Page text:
TEMPE, Arizona (AP) — Now that his team is guaranteed to have a losing record for the first time in his four seasons in Arizona, Cardinals coach Bruce Arians' next chore is to prepare a team headed nowhere for a Christmas Eve encounter with the Seahawks in Seattle.
"It's the Seahawks," Arians said at his Monday news conference, "so we should be ready to play."
Arians liked everything but his defense in Sunday's 48-41 home loss to the New Orleans Saints. The outcome left Arizona at 5-8-1. The Cardinals finish the season with road games at Seattle and Los Angeles, and the best they could hope for is to wind up 7-8-1.
But Arizona is 1-5 on the road with the only victory away from home at San Francisco, a team that stands 1-13.
And a strong finish to the season would entail beating a Seahawks team that will have extra rest and something to play for when the teams meet at Century Link Field.
Arizona has won in Seattle two out of three times under Arians, including last season's 39-32 back-and-forth triumph en route to a 13-3 season and an NFC West title for the Cardinals.
"The way it went, to get way ahead," he said, "to lose it, and then come back, it was very special."
Now, Seattle (9-4-1) has sewn up the division title and is a half-game ahead of Detroit and Atlanta for the No. 2 seed in the NFC and the first-round bye that goes with it.
Arians has a healthy respect for the Seahawks.
"Every time you play them," he said, "you better have your big-boy pants on."
That will be a big challenge for an inexperienced, makeshift offensive line that held up well against the Saints. So will the next game, the season finale against the rugged front of the Rams.
"They'll have their hands full both times," Arians said. "Being on the road with arguably the two best, most disruptive players in (Michael) Bennett and Aaron Donald, we have our hands full when we have a healthy offensive line."
Two months ago in Arizona, the Cardinals and Seattle fought to an odd 6-6 tie with both teams missing chip-shot field goals that would have won the game in overtime.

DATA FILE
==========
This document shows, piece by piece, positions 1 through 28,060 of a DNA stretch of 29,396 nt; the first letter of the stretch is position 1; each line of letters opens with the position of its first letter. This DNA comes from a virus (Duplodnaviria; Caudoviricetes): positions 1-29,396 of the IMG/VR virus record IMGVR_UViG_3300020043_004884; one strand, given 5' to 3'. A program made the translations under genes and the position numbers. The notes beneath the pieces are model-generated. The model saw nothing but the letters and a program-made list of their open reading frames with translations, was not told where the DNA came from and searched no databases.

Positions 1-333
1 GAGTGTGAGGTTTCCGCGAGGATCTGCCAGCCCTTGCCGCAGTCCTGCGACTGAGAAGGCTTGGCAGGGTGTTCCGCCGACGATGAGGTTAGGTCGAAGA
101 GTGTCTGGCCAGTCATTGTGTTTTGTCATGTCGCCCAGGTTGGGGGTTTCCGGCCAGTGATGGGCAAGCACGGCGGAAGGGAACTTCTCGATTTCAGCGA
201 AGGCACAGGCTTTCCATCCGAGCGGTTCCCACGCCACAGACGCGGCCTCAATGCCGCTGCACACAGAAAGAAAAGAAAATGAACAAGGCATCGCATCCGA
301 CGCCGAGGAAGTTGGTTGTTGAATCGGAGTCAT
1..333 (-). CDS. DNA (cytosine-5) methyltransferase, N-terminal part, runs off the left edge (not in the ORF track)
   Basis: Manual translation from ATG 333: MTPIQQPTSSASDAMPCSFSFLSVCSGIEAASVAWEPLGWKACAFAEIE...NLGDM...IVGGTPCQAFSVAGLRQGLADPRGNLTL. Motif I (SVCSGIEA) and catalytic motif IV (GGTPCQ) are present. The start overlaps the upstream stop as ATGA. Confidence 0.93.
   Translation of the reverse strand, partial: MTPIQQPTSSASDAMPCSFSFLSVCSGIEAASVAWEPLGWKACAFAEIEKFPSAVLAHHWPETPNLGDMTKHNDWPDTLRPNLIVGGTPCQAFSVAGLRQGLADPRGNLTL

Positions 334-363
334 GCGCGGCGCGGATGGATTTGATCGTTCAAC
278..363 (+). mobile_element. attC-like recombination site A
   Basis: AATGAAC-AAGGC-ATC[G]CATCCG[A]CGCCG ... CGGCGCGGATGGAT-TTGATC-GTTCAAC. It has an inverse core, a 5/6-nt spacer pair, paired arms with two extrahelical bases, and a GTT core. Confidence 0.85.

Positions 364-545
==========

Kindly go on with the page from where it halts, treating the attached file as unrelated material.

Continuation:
This is a much different Arizona squad, though, after a series of injuries.
"We don't have the same team we played them here with, but I like the way we played this past week offensively," Arians said. "Special teams, other than the (missed) extra point, were good. We had a couple of good kickoff returns. Defensively, we've got to show up."
The coach described the play of his secondary as "very, very below par for us."
He said safety Tyrann Mathieu, playing despite a shoulder injury, "gave it everything he had."
But, he said of Mathieu's play, "it ain't Ty."
There were some bright spots.
In addition to the overall strength of the inexperienced offensive line, Arians also liked the play of defensive tackle Robert Nkemdiche, the first-round draft pick who played after being inactive for most games this season.
"Robert did well," Arians said. "The stat sheet didn't look it, but he was explosive. He's been practicing really well."
The coach has criticized Nkemdiche for not working hard enough in practice, but said effort isn't a problem now.
"The last six weeks he has (worked hard)," Arians said. "The opportunity presented itself this time. He had a really good week of practice."
David Johnson set an NFL record by topping 100 yards from scrimmage in the first 14 games of a season. But Arians doesn't like Johnson's chances for reaching another huge milestone — 1,000 yards rushing and 1,000 yards receiving.
Johnson needs 200 yards receiving to reach the goal.
"I'll be surprised if he gets it," Arians said. "One-hundred yards as a back receiving is very hard to do, two weeks in a row against two really quality defenses, two best in the league."